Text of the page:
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On Reading (05/21/2020)
Our eyes do little jerky movements called "saccades" (from the French word for "jerk"). While they have a useful function, they may sometimes disrupt our reading, like when we repeatedly flick our eyes back to the beginning of a sentence. One way of transforming this tendency is to follow the tip of our finger with our eyes as we move it smoothly over lines of text in a sweeping motion. Eventually, this will help us to reduce "random" eye movements when reading, and keep us in a state that is focused yet relaxed.
There is a particularly elegant way of writing that facilitates this kind of eye movement called "boustrophedon" (which literally means "like the ox ploughs"). This is when lines of text alternate in direction. In other words, one line will move from left-to-right, and the line underneath it will move from right-to-left, and vice versa. Therefore, every other line is reversed. So instead of our eyes making a tight zig-zagging motion as we read, they undulate in a kind of wave pattern:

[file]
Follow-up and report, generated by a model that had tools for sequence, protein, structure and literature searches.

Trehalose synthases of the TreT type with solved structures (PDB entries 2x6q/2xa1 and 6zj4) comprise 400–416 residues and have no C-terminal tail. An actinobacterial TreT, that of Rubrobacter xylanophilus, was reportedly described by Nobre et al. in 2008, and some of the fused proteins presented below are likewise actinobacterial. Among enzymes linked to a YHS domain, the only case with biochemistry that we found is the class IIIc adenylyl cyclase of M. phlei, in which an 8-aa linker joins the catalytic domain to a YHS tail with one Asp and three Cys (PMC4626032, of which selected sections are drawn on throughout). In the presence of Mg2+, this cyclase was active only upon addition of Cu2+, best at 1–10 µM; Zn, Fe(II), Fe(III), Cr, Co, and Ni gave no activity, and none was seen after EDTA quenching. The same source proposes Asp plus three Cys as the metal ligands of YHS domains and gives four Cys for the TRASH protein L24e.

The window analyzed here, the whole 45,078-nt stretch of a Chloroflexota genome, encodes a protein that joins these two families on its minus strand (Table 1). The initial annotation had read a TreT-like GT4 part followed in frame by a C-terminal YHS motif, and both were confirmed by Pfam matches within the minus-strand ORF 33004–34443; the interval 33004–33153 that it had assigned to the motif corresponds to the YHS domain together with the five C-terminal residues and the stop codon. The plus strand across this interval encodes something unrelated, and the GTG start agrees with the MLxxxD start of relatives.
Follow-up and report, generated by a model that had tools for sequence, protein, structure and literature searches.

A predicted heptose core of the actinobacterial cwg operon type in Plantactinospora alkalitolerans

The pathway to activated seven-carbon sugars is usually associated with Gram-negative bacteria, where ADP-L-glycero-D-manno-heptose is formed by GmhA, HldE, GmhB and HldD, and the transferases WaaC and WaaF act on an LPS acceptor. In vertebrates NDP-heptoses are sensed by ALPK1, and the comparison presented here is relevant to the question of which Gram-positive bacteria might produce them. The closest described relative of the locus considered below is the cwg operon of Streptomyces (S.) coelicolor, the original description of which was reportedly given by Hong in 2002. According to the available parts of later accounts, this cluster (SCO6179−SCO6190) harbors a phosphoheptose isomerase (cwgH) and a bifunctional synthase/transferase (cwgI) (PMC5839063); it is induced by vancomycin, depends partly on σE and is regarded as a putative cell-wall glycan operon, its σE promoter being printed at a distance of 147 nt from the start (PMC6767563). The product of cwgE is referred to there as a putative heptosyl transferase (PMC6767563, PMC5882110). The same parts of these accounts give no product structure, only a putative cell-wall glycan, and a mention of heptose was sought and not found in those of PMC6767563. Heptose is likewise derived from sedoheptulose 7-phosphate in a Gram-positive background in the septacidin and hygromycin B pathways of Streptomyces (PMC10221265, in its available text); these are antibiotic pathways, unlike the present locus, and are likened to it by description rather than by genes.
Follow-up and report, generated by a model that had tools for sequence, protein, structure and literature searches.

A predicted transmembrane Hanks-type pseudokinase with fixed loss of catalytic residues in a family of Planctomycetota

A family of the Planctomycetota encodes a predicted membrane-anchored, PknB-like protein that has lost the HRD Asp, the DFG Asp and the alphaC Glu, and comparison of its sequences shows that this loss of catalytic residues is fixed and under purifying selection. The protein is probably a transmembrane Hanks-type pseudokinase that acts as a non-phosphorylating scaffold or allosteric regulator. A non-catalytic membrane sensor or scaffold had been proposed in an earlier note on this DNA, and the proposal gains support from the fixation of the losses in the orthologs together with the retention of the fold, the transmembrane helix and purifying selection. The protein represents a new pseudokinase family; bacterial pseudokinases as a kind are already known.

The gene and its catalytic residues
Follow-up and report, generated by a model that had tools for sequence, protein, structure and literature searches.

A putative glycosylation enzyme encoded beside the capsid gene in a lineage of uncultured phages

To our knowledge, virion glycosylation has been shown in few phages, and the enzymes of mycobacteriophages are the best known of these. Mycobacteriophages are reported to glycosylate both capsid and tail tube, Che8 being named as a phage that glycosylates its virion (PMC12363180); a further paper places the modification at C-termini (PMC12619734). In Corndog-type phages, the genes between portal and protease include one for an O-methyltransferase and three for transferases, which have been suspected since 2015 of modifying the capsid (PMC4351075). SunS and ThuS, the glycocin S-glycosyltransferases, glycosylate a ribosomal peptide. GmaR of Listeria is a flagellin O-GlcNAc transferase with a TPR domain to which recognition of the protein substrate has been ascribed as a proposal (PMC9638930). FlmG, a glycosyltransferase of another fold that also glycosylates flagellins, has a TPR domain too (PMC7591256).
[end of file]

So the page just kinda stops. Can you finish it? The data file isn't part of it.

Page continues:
Another interesting aspect of reading is "sub-vocalization" (i.e.: when we read things as if we are speaking them out loud). Many people only read as fast as they can speak for this reason. However, it is possible to break this habit and learn to visualize chunks of sentences at a glance. Some "speed-reading" courses give exercises to help do this. For example, we can hum to quiet that "inner voice" while training our eyes to follow lines of text at a rate faster than if we read them out verbally.
In short, words represent things that we can "see" inwardly. We can get to a point where these images are triggered directly and we no longer "read aloud" things inside of our heads.
• Ralf Illenberger - Frogs
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